Researchers have used neural networks to generate novel views of a 3D scene based on existing pictures plus the positions and angles of the cameras that took them. In practice, though, you may not know the precise camera positions and angles, since location sensors may be unavailable or miscalibrated. A new method synthesizes novel perspectives based on existing views alone.

What’s new: Chen-Hsuan Lin led researchers at Carnegie Mellon University, Massachusetts Institute of Technology, and University of Adelaide in developing the archly named Bundle-Adjusting Neural Radiance Fields (BARF), a technique that generates new 3D views from images of a scene without requiring further information.

Key insight: The earlier method called NeRF requires camera positions and angles to find values that feed a neural network. Those variables can be represented by a learnable vector, and backpropagation can update it as well as the network’s weights.

How it works: Like NeRF, BARF generates views of a scene by sampling points along rays that extend from the camera through each pixel. It uses a vanilla neural network to compute the color and transparency of each point based on the point’s position and the ray’s direction. To determine the color of a given pixel, it combines the color and transparency of all points along  the associated ray. Unlike NeRF, BARF’s loss function is designed to learn camera positions and angles, and it uses a training schedule to learn camera viewpoints before pixel colors.

  • As input, BARF takes images plus their viewpoint vectors. Given a novel viewpoint, it learns to minimize the difference between the predicted and ground-truth color of each pixel.
  • Points along separate rays that are close to one another have similar coordinates. The similarity makes it difficult to distinguish details and object boundaries in such areas. To work around this issue, BARF (like NeRF) represents points as fixed position vectors such that a small change in a point’s location causes a large change in its position vector.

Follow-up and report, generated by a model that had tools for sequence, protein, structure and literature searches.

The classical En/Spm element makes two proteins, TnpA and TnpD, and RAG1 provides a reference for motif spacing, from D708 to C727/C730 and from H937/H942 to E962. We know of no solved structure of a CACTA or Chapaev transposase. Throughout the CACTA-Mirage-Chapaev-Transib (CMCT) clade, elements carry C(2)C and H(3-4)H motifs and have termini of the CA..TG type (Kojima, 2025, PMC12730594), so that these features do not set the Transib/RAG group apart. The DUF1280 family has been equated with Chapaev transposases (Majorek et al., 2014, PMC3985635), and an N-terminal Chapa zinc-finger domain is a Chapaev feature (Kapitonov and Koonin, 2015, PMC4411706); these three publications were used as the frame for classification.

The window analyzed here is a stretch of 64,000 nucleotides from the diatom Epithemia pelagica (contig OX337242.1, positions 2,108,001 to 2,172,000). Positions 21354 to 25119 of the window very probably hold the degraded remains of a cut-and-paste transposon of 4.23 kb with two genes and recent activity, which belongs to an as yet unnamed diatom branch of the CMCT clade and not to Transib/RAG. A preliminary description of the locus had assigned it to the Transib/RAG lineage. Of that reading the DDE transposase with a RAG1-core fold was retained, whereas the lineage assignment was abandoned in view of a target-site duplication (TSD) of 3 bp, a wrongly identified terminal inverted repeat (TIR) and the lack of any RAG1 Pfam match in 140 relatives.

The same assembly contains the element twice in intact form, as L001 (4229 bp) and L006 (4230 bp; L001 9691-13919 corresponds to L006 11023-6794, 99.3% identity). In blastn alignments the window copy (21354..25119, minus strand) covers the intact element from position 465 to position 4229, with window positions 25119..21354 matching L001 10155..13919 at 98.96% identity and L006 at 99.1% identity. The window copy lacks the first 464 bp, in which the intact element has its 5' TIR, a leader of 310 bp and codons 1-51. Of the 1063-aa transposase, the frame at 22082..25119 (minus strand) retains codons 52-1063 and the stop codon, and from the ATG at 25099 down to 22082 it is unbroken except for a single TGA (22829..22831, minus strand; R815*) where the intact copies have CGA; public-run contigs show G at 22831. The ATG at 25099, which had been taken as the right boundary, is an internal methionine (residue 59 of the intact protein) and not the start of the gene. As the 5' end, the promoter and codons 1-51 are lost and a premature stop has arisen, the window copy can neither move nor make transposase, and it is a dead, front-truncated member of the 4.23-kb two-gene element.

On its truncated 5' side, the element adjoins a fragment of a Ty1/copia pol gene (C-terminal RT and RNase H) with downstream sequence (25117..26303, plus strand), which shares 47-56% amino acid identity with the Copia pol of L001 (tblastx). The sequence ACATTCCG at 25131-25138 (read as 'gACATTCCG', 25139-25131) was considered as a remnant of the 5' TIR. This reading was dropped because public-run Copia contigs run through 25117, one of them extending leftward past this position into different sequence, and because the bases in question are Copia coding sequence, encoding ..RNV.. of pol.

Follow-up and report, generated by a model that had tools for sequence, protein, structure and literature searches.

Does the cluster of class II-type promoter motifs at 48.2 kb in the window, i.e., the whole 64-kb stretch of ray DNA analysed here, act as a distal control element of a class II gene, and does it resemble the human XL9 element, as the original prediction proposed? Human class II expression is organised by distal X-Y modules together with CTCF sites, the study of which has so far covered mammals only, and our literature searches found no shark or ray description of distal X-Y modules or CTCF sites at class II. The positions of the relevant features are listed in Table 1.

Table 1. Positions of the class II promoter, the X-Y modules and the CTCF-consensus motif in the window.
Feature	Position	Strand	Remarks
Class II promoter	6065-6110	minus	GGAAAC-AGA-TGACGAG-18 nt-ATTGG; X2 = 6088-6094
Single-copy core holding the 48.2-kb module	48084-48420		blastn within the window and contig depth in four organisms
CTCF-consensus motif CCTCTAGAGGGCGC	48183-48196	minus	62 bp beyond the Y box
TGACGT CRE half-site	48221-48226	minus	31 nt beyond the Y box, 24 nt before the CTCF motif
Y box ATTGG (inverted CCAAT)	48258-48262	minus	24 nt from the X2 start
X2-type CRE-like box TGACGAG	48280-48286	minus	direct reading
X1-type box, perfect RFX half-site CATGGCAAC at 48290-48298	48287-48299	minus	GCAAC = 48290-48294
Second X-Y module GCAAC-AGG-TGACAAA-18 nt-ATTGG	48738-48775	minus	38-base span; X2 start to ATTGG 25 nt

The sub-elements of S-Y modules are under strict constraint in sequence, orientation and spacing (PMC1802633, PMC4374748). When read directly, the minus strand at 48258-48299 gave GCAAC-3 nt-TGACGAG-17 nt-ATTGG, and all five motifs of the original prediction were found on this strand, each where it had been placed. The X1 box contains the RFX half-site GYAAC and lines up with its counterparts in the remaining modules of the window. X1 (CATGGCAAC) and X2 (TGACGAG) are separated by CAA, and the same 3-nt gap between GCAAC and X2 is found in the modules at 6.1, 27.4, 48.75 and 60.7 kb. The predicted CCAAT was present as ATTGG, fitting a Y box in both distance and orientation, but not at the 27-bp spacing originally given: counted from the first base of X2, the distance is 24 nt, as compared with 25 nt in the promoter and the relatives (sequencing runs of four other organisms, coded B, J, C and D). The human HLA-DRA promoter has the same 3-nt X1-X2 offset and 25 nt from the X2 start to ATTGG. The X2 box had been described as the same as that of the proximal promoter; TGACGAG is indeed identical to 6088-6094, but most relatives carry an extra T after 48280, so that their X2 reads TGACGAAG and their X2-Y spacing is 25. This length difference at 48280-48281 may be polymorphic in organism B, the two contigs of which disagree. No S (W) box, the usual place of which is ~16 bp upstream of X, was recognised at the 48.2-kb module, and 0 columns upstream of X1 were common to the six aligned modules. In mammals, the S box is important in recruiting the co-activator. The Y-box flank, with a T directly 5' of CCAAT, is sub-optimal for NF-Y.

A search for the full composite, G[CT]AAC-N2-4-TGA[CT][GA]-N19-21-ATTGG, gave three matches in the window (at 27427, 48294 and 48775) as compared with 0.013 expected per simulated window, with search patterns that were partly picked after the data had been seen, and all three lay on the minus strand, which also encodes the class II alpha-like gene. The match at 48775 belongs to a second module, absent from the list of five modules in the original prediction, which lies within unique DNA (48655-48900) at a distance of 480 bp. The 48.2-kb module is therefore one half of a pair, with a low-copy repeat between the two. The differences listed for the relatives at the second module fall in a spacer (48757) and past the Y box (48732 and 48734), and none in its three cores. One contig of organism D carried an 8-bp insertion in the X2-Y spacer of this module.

• This positional encoding helps the system reproduce scene details, but it inhibits learning of viewpoint vectors, since a large shift in the representation of nearby points causes the learned camera viewpoint to swing wildly without converging. To solve this problem, BARF zeroes out most of each position vector at the start of training and fills it in progressively as training progresses. Consequently, the network learns the correct camera perspective earlier in training and how to paint details in the scene later.

Results: The researchers compared BARF to NeRF, measuring their ability to generate a novel view based on several views of an everyday scene, where the viewpoints were unknown to BARF and known to NeRF. BARF achieved 21.96 competitive peak signal-to-noise ratio, a measure of the difference between the generated and actual images (higher is better). NeRF achieved 23.25 competitive peak signal-to-noise ratio.

Why it matters: Data collected in the wild rarely are perfect, and bad sensors are one of many reasons why. BARF is part of a new generation of models that don’t assume accurate sensor input, spurring hopes of systems that generalize to real-world conditions.

We’re thinking: In language processing, ELMo kicked off a fad for naming algorithms after Sesame Street characters. Here’s hoping this work doesn’t inspire its own run of names.


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Automated nail-painting devices working

Every Problem Looks Like a Nail

Robots are brushing their way into the beauty market.

What’s new: A trio of companies is developing automated nail-painting devices that integrate robotics and computer vision, The New York Times reported.